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Thrombolysis is the breakdown (lysis) of blood clots by pharmacological means, and commonly called clot busting. It works by stimulating secondary fibrinolysis by plasmin through infusion of analogs of tissue plasminogen activator (tPA), the protein that normally activates plasmin.
Thrombolysis mainly involves the use of thrombolytic drugs, which dissolve blood clots. These drugs are either derived from Streptococcus species, or, more recently, using recombinant biotechnology whereby tPA is manufactured by bacteria, resulting in a recombinant tissue plasminogen activator or rtPA.
Some commonly used thrombolytics are:
Formation of blood clots lies at the basis of a number of serious diseases (see below). By breaking down the clot, the disease process can be arrested, or the complications reduced. While other anticoagulants (such as heparin) decrease the "growth" of a clot, thrombolytic agents actively reduce the size of the clot.
Most thrombolytic agents work by activating the enzyme plasminogen, which clears the cross-linked fibrin mesh (the backbone of a clot). This makes the clot soluble and subject to further proteolysis by other enzymes, and restores blood flow over occluded blood vessels.
A recent multicenter randomized trial (DUET) compared standard catheter-directed thrombolysis (CDT) versus ultrasound-accelerated thrombolysis (USAT, EKOS Corporation) for the treatment of acute peripheral arterial thrombotic occlusions. Results showed that, on average, patients treated with USAT were completed 12 hours sooner than those treated with standard CDT with no increase in "serious adverse events." Plans are underway to commence the DUET II study, which will be a non-randomized trial using the EKOS system with an even lower hourly drug dose with an expectation of further reducing bleeding complications.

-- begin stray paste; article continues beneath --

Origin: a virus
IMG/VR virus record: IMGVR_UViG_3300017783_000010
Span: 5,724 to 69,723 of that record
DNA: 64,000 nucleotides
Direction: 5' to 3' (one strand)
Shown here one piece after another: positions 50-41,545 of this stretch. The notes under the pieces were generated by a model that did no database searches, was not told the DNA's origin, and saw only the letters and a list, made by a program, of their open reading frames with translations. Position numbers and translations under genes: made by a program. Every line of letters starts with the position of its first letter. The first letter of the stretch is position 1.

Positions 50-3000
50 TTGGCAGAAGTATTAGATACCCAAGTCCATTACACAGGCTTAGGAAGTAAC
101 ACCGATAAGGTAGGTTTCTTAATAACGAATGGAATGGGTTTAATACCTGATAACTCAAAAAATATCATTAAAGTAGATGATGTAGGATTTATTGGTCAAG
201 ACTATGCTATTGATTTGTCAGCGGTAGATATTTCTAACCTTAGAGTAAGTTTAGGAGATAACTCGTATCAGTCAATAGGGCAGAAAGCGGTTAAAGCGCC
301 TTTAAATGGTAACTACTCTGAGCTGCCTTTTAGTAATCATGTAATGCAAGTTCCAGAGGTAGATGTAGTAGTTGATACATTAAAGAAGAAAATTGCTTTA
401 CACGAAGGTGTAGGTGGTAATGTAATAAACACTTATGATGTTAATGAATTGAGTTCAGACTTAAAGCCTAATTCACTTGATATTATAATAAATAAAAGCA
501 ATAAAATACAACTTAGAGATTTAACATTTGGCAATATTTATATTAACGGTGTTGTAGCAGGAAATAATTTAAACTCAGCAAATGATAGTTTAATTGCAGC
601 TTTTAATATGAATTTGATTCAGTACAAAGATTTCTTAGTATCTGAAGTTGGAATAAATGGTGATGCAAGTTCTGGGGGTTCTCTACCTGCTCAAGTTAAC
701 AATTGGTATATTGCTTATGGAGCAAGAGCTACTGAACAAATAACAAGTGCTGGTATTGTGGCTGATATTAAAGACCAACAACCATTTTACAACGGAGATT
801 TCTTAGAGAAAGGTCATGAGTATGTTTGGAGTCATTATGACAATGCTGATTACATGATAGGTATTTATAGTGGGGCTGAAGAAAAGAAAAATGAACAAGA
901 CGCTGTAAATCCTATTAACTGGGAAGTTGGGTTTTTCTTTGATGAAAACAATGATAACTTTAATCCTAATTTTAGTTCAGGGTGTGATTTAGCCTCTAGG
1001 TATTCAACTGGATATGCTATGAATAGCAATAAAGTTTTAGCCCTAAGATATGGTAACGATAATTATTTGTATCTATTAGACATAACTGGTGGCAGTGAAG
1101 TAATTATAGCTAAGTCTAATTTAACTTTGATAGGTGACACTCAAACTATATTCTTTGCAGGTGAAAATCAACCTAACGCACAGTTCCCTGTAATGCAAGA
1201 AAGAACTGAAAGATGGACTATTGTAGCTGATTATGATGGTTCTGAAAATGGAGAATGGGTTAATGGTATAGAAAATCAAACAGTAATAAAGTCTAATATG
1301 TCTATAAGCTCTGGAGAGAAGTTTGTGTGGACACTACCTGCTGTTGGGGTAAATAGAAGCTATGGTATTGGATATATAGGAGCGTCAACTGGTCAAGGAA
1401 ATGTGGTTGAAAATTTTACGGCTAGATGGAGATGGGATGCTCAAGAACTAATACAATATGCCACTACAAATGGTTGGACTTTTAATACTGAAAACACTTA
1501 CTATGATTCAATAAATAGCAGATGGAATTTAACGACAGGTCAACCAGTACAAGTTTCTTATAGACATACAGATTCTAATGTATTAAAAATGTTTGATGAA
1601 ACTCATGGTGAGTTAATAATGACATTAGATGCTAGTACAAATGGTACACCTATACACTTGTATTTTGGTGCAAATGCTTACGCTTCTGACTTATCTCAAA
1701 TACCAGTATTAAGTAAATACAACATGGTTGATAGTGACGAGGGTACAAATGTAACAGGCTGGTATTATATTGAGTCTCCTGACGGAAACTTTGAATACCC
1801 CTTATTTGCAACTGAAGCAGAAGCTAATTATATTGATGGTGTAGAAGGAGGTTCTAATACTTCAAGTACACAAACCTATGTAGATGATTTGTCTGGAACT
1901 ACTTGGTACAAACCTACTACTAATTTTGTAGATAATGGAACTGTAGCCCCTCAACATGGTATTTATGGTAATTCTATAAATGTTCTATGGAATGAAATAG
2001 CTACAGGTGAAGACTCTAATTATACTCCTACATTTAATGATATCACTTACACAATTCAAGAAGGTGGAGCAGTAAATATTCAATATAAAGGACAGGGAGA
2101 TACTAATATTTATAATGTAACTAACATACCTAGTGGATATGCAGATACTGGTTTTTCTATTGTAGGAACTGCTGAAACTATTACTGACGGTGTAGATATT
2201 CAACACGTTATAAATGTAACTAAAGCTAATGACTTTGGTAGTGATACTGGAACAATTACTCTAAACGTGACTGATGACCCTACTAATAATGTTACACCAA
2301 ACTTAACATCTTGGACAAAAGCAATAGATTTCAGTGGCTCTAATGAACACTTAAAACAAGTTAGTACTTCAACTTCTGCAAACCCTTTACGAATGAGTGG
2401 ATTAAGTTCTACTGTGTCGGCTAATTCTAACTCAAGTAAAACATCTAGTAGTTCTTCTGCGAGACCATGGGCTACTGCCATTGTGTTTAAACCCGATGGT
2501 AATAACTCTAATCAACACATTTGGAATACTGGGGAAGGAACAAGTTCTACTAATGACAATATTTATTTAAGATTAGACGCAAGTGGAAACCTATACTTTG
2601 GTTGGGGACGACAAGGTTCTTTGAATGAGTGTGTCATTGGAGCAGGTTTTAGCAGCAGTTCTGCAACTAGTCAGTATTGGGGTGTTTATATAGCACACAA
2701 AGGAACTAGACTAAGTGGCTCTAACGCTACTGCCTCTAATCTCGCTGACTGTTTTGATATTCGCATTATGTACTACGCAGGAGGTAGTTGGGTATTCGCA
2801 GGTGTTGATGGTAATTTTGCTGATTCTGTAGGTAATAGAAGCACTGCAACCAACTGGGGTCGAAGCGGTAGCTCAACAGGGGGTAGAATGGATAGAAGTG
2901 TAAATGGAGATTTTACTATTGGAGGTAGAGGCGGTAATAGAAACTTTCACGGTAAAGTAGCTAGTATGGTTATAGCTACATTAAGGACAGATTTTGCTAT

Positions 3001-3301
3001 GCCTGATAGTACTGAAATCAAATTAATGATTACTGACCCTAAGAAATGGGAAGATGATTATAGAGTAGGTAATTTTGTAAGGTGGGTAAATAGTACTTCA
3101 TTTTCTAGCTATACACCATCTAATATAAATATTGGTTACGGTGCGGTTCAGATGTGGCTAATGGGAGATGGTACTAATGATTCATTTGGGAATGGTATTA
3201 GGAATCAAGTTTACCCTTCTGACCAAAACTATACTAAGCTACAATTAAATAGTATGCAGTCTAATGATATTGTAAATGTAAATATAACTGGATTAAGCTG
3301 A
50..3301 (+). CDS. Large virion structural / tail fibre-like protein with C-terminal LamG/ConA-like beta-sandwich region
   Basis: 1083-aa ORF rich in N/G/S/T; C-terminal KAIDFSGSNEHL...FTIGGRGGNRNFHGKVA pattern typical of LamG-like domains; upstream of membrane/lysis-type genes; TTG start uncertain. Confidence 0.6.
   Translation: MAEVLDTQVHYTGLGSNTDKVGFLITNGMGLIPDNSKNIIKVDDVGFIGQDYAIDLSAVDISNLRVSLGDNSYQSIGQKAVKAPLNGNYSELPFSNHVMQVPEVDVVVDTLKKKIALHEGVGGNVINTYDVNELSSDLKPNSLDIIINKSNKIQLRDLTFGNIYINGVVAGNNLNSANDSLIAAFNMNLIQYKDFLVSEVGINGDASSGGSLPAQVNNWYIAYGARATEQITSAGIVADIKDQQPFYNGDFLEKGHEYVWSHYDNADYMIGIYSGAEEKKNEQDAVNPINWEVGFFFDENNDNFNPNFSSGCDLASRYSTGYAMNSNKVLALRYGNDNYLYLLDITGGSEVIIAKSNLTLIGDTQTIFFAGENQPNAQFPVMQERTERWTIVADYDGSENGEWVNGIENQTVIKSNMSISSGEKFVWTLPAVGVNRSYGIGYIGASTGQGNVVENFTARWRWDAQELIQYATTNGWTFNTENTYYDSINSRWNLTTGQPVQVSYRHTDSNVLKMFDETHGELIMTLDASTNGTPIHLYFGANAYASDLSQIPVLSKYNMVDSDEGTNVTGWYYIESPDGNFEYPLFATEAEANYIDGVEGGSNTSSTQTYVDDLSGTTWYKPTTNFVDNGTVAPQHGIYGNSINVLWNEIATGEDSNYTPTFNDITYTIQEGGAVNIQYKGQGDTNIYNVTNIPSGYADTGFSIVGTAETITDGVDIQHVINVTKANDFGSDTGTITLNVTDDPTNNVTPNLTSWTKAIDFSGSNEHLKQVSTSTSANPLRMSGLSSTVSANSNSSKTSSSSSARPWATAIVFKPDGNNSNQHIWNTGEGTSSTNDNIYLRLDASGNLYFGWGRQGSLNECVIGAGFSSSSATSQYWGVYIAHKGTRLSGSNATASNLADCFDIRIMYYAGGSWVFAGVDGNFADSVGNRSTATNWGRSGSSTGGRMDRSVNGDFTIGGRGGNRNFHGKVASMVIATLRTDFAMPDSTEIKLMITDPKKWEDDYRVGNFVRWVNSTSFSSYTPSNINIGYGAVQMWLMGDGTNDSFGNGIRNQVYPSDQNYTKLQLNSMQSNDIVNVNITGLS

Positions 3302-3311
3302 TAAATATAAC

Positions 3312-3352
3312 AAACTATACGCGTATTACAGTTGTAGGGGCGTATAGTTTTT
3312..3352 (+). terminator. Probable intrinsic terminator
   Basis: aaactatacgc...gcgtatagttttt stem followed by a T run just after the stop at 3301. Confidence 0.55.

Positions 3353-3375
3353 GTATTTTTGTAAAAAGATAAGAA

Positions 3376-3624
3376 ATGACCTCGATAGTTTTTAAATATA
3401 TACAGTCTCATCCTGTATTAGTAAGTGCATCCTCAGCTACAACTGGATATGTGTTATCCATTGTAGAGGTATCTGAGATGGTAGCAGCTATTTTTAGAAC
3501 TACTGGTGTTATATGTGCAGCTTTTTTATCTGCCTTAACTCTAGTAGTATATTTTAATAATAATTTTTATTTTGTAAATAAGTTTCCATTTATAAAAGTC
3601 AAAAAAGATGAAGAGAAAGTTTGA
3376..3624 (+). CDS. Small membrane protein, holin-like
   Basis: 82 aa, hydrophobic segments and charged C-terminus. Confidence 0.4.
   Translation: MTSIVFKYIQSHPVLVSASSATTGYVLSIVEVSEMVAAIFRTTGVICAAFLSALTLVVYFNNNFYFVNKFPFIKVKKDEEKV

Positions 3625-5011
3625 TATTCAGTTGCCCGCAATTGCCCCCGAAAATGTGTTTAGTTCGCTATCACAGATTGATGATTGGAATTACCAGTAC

Diseases where thrombolysis is used:
Thrombolysis is performed by many types of medical specialists, including interventional radiologists, vascular surgeons, cardiologists, interventional neuroradiologists, and neurosurgeons. In some countries such as the United States of America, emergency medical technicians may administer thrombolytics for heart attacks in prehospital settings, by on-line medical direction. In countries with more extensive and independent qualifications, prehospital thrombolysis (fibrinolysis) may be initiated by the emergency care practitioner (ECP). Other countries which employ ECP's include, South Africa, the United Kingdom, and New Zealand. Prehospital thrombolysis is always the result of a risk benefit calculation of the heart attack, thrombolysis risks, and primary percutaneous coronary intervention (pPCI) availability. As such, the prehospital practitioner will often consult with the receiving cardiologist as to treatment decisions—many cardiologists have personal preferences to available treatment options.
There are absolute and relative contraindications to thrombolysis.
Previous intracranial bleeding at any time, stroke in less than 6 months, closed head or facial trauma within 3 months, suspected aortic dissection, ischemic stroke within 3 months (except in ischemic stroke within 3 hours time), active bleeding diathesis, uncontrolled high blood pressure (>180 systolic or >100 diastolic), known structural cerebral vascular lesion, arterio-venous malformations, thrombocytopenia, known coagulation disorders, aneurysm, brain tumors, pericardial effusion, septic emboli.
Current anticoagulant use, invasive or surgical procedure in the last 2 weeks, prolonged cardiopulmonary resuscitation (CPR) defined as more than 10 minutes, known bleeding diathesis, pregnancy, hemorrhagic or diabetic retinopathies, active peptic ulcer, controlled severe hypertension.